People with type 2 diabetes typically do produce insulin however their bodies either do not make enough insulin or can not use the insulin produced efficiently, and the disease changes over time as well and some people with type 2 will stop producing insulin altogether and insulin will need to be taken no matter what (similar to type 1). If someone with type 2 diabetes does go into remission the chance of relapsing can be fairly high.
I could never have diabetes because I could never inject myself with a needle!
I am sure we all wish we could all say the same! I have even heard this from other type 2 diabetics in some of the Facebook groups I am in or people I know offline. Diabetes is not a choice though and if you have no other option believe me you will learn. I have to say I was one of these people myself and though I was able temporarily to get my diabetes under control enough that my doctor was comfortable taking me off of the insulin and leaving me only on pills this is something that can change over time and you may end up on insulin and if you have type 1, you have no other choice. You will die if you do not take insulin.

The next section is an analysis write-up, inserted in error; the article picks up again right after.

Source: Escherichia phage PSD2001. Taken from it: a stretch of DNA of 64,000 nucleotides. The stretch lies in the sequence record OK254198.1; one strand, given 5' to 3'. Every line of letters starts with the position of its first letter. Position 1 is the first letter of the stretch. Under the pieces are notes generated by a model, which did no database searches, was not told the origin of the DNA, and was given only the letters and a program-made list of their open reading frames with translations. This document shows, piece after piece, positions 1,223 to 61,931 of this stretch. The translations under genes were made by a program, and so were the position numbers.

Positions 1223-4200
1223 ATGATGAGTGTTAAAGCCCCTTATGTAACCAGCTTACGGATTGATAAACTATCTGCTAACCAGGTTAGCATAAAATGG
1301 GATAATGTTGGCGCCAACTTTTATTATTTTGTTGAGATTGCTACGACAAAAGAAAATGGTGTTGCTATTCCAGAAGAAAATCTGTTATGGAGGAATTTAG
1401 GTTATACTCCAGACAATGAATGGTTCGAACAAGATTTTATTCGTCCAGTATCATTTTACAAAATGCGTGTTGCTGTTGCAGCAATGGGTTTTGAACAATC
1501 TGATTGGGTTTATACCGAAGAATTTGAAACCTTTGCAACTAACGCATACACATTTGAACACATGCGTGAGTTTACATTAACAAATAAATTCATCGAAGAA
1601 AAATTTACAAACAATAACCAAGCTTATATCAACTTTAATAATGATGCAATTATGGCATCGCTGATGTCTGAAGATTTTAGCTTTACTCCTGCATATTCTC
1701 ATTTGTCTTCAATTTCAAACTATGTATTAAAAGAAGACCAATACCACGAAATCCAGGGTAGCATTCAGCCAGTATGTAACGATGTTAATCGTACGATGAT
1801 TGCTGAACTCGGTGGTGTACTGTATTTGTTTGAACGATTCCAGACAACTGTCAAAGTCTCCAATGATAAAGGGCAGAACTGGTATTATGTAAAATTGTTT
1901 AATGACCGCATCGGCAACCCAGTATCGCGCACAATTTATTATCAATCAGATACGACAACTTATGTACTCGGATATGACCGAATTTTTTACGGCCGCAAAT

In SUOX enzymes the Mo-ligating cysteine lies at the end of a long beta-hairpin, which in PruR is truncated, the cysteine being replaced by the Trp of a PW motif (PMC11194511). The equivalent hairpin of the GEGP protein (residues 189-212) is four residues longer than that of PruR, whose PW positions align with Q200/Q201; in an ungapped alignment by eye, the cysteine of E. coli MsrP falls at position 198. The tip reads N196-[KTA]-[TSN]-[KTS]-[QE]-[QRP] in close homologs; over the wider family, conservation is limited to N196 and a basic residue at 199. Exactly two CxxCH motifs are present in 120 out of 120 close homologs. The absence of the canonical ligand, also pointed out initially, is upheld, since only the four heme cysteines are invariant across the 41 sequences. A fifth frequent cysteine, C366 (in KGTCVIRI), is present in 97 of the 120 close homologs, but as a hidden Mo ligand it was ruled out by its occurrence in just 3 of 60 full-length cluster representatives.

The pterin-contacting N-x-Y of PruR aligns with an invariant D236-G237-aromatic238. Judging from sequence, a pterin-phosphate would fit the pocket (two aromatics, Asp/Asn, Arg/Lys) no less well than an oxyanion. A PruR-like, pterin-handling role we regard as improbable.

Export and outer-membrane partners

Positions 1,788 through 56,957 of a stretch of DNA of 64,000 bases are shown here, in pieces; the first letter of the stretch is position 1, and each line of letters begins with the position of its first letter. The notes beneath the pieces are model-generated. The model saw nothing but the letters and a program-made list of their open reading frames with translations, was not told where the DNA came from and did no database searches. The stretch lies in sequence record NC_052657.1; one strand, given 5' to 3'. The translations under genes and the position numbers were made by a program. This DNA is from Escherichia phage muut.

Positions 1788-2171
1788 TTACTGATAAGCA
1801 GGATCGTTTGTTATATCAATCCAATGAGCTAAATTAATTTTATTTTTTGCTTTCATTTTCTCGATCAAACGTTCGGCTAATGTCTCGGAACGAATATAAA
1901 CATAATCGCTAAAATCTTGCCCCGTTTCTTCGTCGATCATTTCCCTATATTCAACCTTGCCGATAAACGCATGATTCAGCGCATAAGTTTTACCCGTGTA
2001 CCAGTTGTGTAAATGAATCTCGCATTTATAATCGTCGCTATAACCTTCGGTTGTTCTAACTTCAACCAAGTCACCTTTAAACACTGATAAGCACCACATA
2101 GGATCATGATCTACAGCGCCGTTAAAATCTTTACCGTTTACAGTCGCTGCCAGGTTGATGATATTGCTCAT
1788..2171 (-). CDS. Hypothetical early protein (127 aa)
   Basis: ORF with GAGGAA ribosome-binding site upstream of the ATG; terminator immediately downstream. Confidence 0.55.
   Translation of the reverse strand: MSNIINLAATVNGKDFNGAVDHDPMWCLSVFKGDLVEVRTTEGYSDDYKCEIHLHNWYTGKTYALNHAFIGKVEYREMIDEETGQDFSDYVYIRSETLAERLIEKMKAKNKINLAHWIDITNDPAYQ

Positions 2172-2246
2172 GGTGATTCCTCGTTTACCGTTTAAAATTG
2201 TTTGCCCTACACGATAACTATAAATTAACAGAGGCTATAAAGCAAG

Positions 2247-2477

My [insert person here] had diabetes, [she/he] [died/lost a foot/etc]
Well, thanks. Just thanks. Yes, believe me, we know what can happen. It’s on our minds all the time. We know all to well the implications of not getting and keeping our disease under control and do not need this reminder. Don’t say this. Just don’t. We don’t need to hear it. We don’t.
Well, at least you can’t die from it
We can. Yes, we can. Hypoglycemia (also known as low blood sugar) is a serious medical emergency and requires prompt medical treatment or you can die. For those of us taking certain diabetic medications or insulin, hypoglycemia is an all to real threat. Hyperglycemia (high blood sugar) can damage our bodies in the long run, but hypo (low blood sugar) is an immediate threat to our lives and can and has lead to death in diabetes of any type.
If caught quickly you can treat hypoglycemia with sugar tablets followed by a snack. Often though it may require hospitalization or even death if left untreated. One thing to note as well is typically when you get to this stage you can not treat yourself and are relying on those around you to help treat your hypoglycemia so it is important for your friends, family and co-workers to know what to do in the event of this happening. This is quite frightening when you think about it that your life could be in the hands of someone who may not even recognize what is going on never mind how to treat it.
If you don’t know much about any type of diabetes don’t be afraid to ask us to tell you more about it. A simple, “Oh I don’t know a lot about diabetes and the different types, can you tell me more?” is way better in the long run than saying something that comes off ignorant or rude or condescending. If you want to know more about diabetes you can find out more through Diabetes Canada or the America Diabetes Association.